You’re right, finding decent healthy food at an affordable price can be frustrating. I find i have become a part-time to full-time food investigator in order to know how to buy real and sustainable food at an affordable price. I buy grass fed meat from local farmers near me for $3.50-7 per pound. I also know New Zealand meat is better than most “organic” here and FAR cheaper, so that is an option. I prefer to buy local but until the government stops making it impossible for local ranchers to turn a profit with sustainable, grass-fed meat, we can either buy from another country or get involved with our own food production on some level.

You can find ranchers willing to do a cow or lamb share where you buy a portion of a sustainably-raised grass fed animal. When a rancher does not have to jump through the burocratic hoops to be called “organic” and just raises his or her animals on real GRASS, the animal will be as good or better than large feedlot “organic” meat and at a lower cost. But, this requires research to find.

You can not just go to the local grocery and expect to find affordable real food. You need to look OUTSIDE the usual food box. Farmer’s markets, contacting local farmers direct, growing your own, bartering….

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3 Will

Hi Linda, Thanks for the great comment. And for those of us that do go to the local markets and farm stands, we find lots of what we want. Like right now all the local organic peaches! As far as what you say:

“You can not just go to the local grocery and expect to find affordable real food. You need to look OUTSIDE the usual food box. Farmer’s markets, contacting local farmers direct, growing your own, bartering….”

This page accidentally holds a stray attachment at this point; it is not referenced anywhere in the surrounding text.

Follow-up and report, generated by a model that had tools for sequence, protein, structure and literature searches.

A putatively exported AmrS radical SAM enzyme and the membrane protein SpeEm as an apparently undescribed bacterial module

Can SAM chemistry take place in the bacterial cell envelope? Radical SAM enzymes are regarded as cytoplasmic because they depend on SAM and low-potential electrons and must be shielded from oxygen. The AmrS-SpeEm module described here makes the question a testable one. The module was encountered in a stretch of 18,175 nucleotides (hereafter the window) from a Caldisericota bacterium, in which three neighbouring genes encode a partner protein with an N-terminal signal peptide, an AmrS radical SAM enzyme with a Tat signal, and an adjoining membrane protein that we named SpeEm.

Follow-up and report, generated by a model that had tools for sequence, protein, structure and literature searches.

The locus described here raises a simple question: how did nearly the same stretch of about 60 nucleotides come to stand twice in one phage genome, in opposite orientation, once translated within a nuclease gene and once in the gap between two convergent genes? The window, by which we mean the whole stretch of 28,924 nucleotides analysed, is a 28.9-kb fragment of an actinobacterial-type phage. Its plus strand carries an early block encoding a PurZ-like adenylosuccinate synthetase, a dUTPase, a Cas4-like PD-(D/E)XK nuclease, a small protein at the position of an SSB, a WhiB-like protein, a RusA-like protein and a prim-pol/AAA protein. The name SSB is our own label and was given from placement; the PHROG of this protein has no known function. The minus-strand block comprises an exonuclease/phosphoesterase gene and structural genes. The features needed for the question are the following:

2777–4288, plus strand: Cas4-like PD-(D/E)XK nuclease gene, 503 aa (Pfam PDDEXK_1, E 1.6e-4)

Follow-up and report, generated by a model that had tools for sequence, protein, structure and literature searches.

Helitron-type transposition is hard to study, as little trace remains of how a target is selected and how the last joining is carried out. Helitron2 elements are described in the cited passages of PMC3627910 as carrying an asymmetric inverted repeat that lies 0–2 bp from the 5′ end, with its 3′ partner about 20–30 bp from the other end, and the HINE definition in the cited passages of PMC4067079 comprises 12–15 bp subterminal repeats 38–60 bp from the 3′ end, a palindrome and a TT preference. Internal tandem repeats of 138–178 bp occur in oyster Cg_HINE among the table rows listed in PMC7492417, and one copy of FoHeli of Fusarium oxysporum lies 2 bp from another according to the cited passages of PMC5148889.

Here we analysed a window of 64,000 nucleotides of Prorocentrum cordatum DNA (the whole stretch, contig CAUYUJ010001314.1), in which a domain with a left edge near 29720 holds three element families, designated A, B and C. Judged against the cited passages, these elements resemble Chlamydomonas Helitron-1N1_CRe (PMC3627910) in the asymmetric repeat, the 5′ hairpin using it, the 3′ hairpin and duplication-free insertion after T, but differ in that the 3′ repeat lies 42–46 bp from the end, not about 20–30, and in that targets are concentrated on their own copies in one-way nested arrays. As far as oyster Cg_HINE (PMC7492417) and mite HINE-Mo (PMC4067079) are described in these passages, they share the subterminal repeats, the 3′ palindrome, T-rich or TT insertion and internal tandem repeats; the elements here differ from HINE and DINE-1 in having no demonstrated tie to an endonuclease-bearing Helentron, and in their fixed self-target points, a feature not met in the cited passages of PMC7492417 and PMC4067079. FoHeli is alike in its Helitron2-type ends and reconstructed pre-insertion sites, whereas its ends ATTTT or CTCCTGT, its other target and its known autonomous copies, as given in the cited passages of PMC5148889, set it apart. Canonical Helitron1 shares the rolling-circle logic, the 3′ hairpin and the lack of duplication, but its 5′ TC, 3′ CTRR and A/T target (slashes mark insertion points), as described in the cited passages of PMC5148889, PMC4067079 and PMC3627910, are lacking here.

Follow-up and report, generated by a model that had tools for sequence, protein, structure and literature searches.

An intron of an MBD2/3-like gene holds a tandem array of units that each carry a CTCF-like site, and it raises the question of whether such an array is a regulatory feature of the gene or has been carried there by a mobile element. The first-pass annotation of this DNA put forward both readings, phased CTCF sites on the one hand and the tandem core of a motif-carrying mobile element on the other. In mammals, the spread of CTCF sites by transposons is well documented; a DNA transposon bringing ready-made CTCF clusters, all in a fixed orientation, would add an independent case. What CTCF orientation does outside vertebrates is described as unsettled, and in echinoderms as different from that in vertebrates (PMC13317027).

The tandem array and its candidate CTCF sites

Unfortunately this is true. But until it is not true, 99.9% of the grocery buying public will not buy healthy, sustainable food. And this type of food will continue to be seen by most people as elitist and expensive and unavailable. That’s what annoys me.

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4 Wilson Pon

Will, the reason why the organic steak is three times expensive than the conventional steak, as it mostly used the organic style to feed the cows. However, it would be better, if the price of organic steak can be cheaper…

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5 Tom Fiberbend

Governments put money in to all kinds of industries, why not give a boost to health foods – they win on all accounts espesically when there are less people suffering from health problems.
.-= Tom Fiberbend´s last blog

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6 Bob

3 times as much is crazy talk, I would like to see the actual bottom line, the cost to FM, to see where the mark up is coming from.
.-= Bob´s last blog ..The Galileoscopes Have Arrived =-.

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7 Will

Hey Bob – Welcome back. Hope your trip to China was a great time. Some kids from here went last month and got stuck in quarantine there because a couple tested positive for the Swine Flu.

It is crazy. I just bought a steak this morning at a local farm stand. It is from a local grower, organic AND grass fed. Still 9.99 per pound, but much better than FM. I wish I could find a source like Linda has at 3.50 to 7.00 lb.